Research School of Physics and Engineering, Australian National University

No departmental seminars currently listed. Check website for updates.

New South Wales

CSIRO Australia Telescope National Facility (ATNF), Marsfield

Friday 1 November – Liz Humphreys, ESO: Probing inner NGC 4258: Warped, Unstable and Eccentric?
Monday 4 November – James Jackson
Wednesday 13 November – Ian Heywood, CASS
Wednesday 20 November – Snezana Stanimirovic

Macquarie University Department of Physics & Astronomy – MQ Photonics Seminar Series

Friday 1 November – Annemarie Nadort, Macquarie University / Ekaterina Ivukina, Macquarie University: Non-invasive optical techniques to assess microcirculation dynamics and permeability in vivo / TBA

School of Physics, University of Sydney

No departmental seminars currently listed. Check website for updates.

School of Physics, University of NSW

Tuesday 5 November – Martin Green, UNSW: Photovoltaics: Power source for the future?


Physics colloquia, University of Queensland

Friday 8 November – Amelia Brown: TBA

South Australia

Chemical and Physical Sciences Seminar Series, Flinders University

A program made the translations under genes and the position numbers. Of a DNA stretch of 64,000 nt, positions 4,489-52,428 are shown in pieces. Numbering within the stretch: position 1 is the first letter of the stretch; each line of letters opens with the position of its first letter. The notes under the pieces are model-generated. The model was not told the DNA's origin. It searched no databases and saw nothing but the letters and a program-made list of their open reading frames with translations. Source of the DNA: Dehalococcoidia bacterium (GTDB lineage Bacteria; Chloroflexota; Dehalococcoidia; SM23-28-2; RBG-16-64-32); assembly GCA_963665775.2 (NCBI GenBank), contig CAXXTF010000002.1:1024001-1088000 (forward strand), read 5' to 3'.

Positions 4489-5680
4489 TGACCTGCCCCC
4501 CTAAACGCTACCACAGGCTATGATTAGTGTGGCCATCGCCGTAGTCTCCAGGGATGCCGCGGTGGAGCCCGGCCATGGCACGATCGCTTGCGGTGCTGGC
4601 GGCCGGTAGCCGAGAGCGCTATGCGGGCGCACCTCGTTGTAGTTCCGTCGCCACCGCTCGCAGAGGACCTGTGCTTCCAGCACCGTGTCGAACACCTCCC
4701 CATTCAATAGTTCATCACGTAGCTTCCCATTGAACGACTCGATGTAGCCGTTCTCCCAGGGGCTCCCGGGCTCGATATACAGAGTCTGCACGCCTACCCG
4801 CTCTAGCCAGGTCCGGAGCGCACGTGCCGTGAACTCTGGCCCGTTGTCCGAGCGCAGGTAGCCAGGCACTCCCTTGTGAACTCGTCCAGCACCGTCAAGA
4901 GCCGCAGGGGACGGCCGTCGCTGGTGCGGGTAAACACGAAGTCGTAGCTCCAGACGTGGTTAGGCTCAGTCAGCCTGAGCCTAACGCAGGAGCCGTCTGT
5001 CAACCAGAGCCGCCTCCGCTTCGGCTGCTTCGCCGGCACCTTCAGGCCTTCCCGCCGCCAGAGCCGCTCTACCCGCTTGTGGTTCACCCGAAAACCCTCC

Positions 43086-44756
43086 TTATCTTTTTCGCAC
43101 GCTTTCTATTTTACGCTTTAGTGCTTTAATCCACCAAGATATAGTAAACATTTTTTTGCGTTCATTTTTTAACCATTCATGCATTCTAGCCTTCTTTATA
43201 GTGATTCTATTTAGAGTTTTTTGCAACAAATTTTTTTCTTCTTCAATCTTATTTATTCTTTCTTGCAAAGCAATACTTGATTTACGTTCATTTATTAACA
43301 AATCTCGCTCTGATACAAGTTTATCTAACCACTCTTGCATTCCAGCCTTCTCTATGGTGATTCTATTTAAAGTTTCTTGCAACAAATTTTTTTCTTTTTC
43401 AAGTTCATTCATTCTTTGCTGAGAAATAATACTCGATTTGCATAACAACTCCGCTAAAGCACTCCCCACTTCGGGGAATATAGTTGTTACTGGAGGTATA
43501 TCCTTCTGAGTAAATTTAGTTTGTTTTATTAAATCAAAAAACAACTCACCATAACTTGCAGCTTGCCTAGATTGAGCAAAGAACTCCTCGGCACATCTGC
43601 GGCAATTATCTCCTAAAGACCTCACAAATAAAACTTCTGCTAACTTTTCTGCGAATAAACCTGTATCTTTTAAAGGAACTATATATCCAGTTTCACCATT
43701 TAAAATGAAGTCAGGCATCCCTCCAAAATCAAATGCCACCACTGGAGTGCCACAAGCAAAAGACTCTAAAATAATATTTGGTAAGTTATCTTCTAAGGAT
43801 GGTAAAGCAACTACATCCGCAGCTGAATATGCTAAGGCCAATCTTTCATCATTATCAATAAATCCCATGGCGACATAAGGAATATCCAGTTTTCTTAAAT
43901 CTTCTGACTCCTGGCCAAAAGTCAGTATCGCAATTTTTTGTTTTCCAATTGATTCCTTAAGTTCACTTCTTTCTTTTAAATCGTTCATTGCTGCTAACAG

Tuesday 5 November – Julius Zieleniecki, Flinders University: TBA
Tuesday 5 November – Anirudh Sharma, Flinders University: TBA
Tuesday 19 November – Simone Ciampi, University of Wollongong: TBA
Tuesday 26 November – Regina von Klitzing, Technische Unversitat, Germany: TBA


Centre for Astrophysics and Supercomputing, Swinburne University
Thursday 7 November – Rob Bassett, Swinburne University: 19 month review
Tuesday 12 November – Helga Denes, Swinburne University: 30 month review
Thursday 14 November – Ariel Sanchez, MPE: TBA
Thursday 28 November – Georgios Vernardos, Swinburne University: Gravitational microlensing and the quasar galaxy connection on gSTAR

Monash Centre for Astrophysics, Monash University
Thursday 7 November – Kai Zuber, University of Dresden, Germany: TBA
Tuesday 12 November – Felipe Marin, Swinburne University: TBA

Western Australia

Department of Physics, University of Western Australia

No departmental seminars currently listed. Check website for updates.


Engineering and Physical Sciences in Medicine conference, EPSM 2013
3 Nov – 7 Nov, Perth, WA

37th Annual Conference of the Australian Society for Biophysics
24 Nov – 27 Nov, Melbourne, VIC

NEW OzCarbon 2013
1 – 3 Dec 2013, Melbourne, VIC